Kathmandu air-traffic control found a reason to deny our helicopter permission to pick us up from the Hyatt pad. No explanation was forthcoming - just no. So, at 6am we crowded into an ancient battered small coach and rumbled out onto Kat's dawn, but already bustling street.
Breakfast wood smoke and mist mingled into swirls as the bus swept through, bouncing and rattling over potholes that can kill. The depth of these holes beggars belief, easily capable of swallowing a small child whole.
With a spectacular new sun flaring on the horizon we lurched to a halt outside the "domestic" terminal and unloaded. Eager, opportunist hands scrambled to carry our kit bags to a rudimentary weigh-station, where each additional KG is subtracted from the chopper's lifting capacity. My keen pilots eye added these cumulative weights in my head, conscious that aircraft weight regulations are not quite the Bible they are to flyers in the UK.
Numbers agreed, we drifted through "security" - Woody, one of the Kiwi guides was asked to locate and find some scissors buried deep within the bowels of his pack. A simple but terse "sod off" was enough for the adolescent uniformed official to withdraw his request. We wandered, unfettered onto the apron as an early morning Yeti Air 12 seater turboprop screamed past and hauled itself into the misty air.
A flatbed jeep pulled up emblazoned with the Heli Company's logo - Seth, Ethan and I jumped into the back. We roared around the perimeter road to the Heli Apron - the chilly early morning wind both thrilling and waking us. Ethan's ear-to-ear grin was infectious.
The B3 jet engine whined into life and in seconds our stomachs turned as we lifted our skids and lurched forward into the climb. We maintained just 500ft over the ghostly city rooftops, before gently climbing and heading due East and Lukla. Beneath us dozens of needle like chimneys dotted the vista, already belching their smoke; their brick-baking days already begun.
After skimming the crests of ever-higher mountains we finally spotted Lukla though the haze, its suicidal runway both a feat of engineering and courage. I have thumped down many times crammed in the back of a fixed wing, but this arrival was much less marginal. With engine screaming and blades barely slowed we ran, instinctively crouched double to safety.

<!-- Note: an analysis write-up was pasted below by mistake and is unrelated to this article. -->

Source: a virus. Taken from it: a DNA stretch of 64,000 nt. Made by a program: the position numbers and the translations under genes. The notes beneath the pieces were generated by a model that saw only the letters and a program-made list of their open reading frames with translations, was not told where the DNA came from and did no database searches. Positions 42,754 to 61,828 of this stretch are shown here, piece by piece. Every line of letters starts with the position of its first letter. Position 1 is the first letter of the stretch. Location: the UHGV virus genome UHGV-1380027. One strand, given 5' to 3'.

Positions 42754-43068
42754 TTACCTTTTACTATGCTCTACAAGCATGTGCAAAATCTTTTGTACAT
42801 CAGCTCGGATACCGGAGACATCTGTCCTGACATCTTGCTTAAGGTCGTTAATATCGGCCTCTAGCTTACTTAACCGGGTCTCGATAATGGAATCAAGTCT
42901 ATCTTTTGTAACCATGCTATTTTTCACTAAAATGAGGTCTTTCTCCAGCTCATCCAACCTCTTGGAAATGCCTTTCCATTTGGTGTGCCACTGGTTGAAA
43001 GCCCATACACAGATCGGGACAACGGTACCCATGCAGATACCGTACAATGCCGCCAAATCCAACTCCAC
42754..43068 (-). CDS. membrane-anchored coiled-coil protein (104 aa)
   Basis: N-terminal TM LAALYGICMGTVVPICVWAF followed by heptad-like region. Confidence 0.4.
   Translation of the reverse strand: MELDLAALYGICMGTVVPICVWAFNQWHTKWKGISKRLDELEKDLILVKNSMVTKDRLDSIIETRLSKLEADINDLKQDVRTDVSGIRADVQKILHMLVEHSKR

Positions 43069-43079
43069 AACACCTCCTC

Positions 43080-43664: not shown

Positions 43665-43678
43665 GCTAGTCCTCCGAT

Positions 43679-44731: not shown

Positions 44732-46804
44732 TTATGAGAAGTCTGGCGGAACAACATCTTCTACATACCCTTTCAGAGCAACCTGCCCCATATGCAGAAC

Dozens of sun-darkened faces of all ages peered though the ramshackle, chain-link fence as we gathered our packs and shuffled the 100m to our chosen breakfast venue. Black tea, coffee and hot lemon accompanied bullet hard toast and porridge - but it was enough to start our motors - the trek to BC had begun at last.
Arrays of very similar shops line the path to the exit of Lukla village. Dozens of tiny children, some little more than babies play unsupervised along the path, each and every one of them dark with filth and sporting a runny nose. No nauseating health and safety here - the kids play amidst the hooves of yaks and horses, inches from killer cliffs and drops.
Above the trail, smallholding fields are cut from the steep hill growing vegetables and grazing the occasional yak. As we aimlessly wandered snapping pictures with early trek enthusiasm, a yak fell from the field above me and landed feet first no more than 2 feet in front of me. I hadn't heard it fall - I just saw it land. It frightened the c**p out of me, much to the amusement of those behind. With my expedition little more than a day old I had almost been killed by a falling yak! This stuff only happens to me.
The fading winter had been a harsh affair forcing the Spring blossoms to reveal their beauty much later than normal - an unexpected bonus for us. I've never seen the valley look so spectacular. Dodging both plodding yaks and the occasional cantering, bell-adorned horse we rock-hopped and puddle skirted our way onwards.
We in turn gazed repeatedly in wonder at the ant like stream of porters and yak-boys, each hefting indescribably heavy loads towards the ravenous teahouses and expedition tents dotting the route to Base Camp. The standard "legal" load weight is 40kg, but its obvious that this "legal limit" is exceeded - sometimes twice over. Most shuffle swiftly by, the basket suspended from a thick strap wrapped around their foreheads - their pain threshold is alien to Westerners. My idea of a bad day is if the train is delayed - their bad day is somewhat different.
Today, however, our day is good.
Our trail rises and falls with the contours of these magnificent mountains, hopping back and forward across a raging, glacial blue river. We tiptoe across vast swaying, barely maintained cable bridges, fighting for room with the yaks that share our space; prayer flags horizontal in the chilly wind.
As the skies darken and spots of rain are felt, we park for the night at a small settlement called Monju. Once fed and watered, I will curl the boys up in their sleeping bags and finally close my own eyes. Namsche [3500m] awaits tomorrow.
I would like to thank, once again, all those kind enough to support this effort - I, and every vulnerable child are grateful.